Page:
As with any tool, the success of an MLS listing hinges on its content. It should be enticing and informative but factual.
The Effect of the Market
Homes almost sell the minute they hit MLSs in seller's markets regardless of how they're listed, but some homes don't sell at all in buyer's markets.
Buyer's markets exist when inventory exceeds the supply of buyers. This is where expertise and extra work pay off, so your choice of a brokerage can be critical. Listings that sell at top price are typically those exposed to the most buyers, priced well, marketed well, and show well.
Full-Service vs. Limited-Service Comparisons
Many aspects of a successful home scale require a bit of an investment on the part of the brokerage, and limited-services brokerages typically don't provide these types of assistance at all.
Agents and buyers tend to pass them over without a second thought when new listings hit the MLS without a photograph. Many multiple listing services will accept eight to 12 photographs, so full-service agents often hire professional photographers and shoot double the photos required.
Agents spend considerable time sorting through photos to select those with the best light, the best angles, and the sharpest contrast and color. The photos are then cropped and resized to accentuate positive attributes. Each photograph is entered into MLS with a full-length enticing description.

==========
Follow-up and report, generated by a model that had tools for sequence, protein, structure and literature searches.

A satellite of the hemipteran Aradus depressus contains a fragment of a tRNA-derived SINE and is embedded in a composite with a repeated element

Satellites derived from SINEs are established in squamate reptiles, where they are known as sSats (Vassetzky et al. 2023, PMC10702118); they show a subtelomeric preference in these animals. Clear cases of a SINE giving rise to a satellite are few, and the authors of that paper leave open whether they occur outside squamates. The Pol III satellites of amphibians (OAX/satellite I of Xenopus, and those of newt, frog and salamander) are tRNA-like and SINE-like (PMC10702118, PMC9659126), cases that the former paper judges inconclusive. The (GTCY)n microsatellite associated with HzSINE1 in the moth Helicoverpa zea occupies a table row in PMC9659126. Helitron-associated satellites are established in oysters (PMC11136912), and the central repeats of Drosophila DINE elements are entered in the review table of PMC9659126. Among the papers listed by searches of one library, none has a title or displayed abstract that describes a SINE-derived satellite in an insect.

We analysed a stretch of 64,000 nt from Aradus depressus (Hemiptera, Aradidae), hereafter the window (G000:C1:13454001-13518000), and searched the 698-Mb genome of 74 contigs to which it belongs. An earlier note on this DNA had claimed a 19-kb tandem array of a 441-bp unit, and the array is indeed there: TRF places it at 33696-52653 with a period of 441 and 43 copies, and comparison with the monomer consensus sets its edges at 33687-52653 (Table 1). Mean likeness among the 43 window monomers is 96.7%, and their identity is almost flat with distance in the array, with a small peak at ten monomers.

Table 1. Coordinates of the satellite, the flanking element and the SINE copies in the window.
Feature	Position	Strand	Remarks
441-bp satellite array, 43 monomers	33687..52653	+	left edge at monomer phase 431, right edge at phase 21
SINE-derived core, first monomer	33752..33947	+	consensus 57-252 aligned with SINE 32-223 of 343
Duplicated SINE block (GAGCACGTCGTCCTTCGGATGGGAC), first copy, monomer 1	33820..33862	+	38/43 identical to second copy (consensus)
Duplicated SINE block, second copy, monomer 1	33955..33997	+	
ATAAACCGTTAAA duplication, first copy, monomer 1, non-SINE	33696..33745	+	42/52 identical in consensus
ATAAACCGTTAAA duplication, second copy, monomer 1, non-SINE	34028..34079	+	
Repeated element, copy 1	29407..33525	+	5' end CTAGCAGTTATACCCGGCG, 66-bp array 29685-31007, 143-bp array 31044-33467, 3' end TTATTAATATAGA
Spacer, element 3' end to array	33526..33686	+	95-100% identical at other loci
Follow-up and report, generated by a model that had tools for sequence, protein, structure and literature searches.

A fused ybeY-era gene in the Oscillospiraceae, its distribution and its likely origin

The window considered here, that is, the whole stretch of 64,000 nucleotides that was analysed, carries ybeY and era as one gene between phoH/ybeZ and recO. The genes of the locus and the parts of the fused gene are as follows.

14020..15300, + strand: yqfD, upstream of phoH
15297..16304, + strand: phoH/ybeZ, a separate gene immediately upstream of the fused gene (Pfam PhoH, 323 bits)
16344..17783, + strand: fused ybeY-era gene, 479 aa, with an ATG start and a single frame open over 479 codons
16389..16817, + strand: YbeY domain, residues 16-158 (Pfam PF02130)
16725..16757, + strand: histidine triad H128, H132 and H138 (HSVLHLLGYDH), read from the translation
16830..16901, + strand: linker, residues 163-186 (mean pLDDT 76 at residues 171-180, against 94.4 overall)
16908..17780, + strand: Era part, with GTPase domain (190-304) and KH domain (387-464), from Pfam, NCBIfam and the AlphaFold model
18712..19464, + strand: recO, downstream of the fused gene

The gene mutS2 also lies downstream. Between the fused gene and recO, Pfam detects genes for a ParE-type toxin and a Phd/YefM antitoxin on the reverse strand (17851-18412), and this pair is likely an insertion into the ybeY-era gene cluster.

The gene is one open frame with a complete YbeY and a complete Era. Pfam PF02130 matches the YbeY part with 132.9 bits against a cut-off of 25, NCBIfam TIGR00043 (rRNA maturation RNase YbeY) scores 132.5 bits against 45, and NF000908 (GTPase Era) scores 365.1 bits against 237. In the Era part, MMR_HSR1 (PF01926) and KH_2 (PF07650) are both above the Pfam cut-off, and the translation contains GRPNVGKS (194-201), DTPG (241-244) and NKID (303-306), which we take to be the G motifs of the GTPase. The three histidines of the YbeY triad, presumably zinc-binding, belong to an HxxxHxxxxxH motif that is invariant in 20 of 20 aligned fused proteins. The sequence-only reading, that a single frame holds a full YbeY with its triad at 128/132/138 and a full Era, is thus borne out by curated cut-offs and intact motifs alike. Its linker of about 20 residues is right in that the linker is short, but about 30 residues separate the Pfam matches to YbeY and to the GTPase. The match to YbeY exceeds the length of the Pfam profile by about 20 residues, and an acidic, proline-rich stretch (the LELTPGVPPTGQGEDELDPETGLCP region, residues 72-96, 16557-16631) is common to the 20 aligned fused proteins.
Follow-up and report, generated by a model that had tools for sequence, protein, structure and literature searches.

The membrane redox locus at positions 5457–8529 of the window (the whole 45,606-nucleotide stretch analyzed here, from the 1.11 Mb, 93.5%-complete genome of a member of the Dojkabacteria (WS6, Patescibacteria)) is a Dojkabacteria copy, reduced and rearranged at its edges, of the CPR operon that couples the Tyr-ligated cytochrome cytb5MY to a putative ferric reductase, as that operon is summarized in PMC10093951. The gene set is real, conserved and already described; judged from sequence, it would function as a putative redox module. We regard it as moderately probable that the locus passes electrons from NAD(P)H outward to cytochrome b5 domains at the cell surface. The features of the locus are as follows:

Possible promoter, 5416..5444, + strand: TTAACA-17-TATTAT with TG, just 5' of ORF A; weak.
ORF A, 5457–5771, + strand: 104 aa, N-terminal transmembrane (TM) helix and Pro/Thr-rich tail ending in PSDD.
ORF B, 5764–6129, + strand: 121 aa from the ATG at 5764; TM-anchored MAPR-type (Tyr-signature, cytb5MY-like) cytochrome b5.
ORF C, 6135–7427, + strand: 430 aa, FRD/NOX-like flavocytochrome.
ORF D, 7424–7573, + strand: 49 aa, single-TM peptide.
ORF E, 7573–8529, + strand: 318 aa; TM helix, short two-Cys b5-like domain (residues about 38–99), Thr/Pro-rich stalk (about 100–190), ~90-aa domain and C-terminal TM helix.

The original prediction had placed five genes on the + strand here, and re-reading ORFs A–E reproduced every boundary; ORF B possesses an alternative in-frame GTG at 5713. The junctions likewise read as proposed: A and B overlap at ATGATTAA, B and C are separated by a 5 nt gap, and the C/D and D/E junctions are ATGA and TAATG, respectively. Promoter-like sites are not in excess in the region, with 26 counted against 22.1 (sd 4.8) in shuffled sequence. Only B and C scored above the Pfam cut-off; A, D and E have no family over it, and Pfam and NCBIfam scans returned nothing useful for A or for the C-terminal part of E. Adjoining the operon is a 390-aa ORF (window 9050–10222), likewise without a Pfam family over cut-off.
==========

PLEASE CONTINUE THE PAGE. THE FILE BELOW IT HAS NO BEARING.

A limited-service or discount brokerage might not be right for you unless you feel confident about doing all this yourself. These brokerages generally won't go the extra mile, if they even include photos in listings at all.
Few discount brokerages spend money on quality professional signs because they can't afford it. But good signage is free advertising. Many full-service firms include critical information on their signs:
- The main office telephone number
- The agent's personal cellphone or voicemail number
- A website for more information
- Virtual tour links
- Specific information that makes this home different from others in the area
Full-service companies tend to project quality, and that means four-color flyers and four-color direct mail pieces. The days of hiring neighborhood kids to toss photocopies on neighbors' front steps are gone. Full-service marketing can determine if a property sells and how long it takes.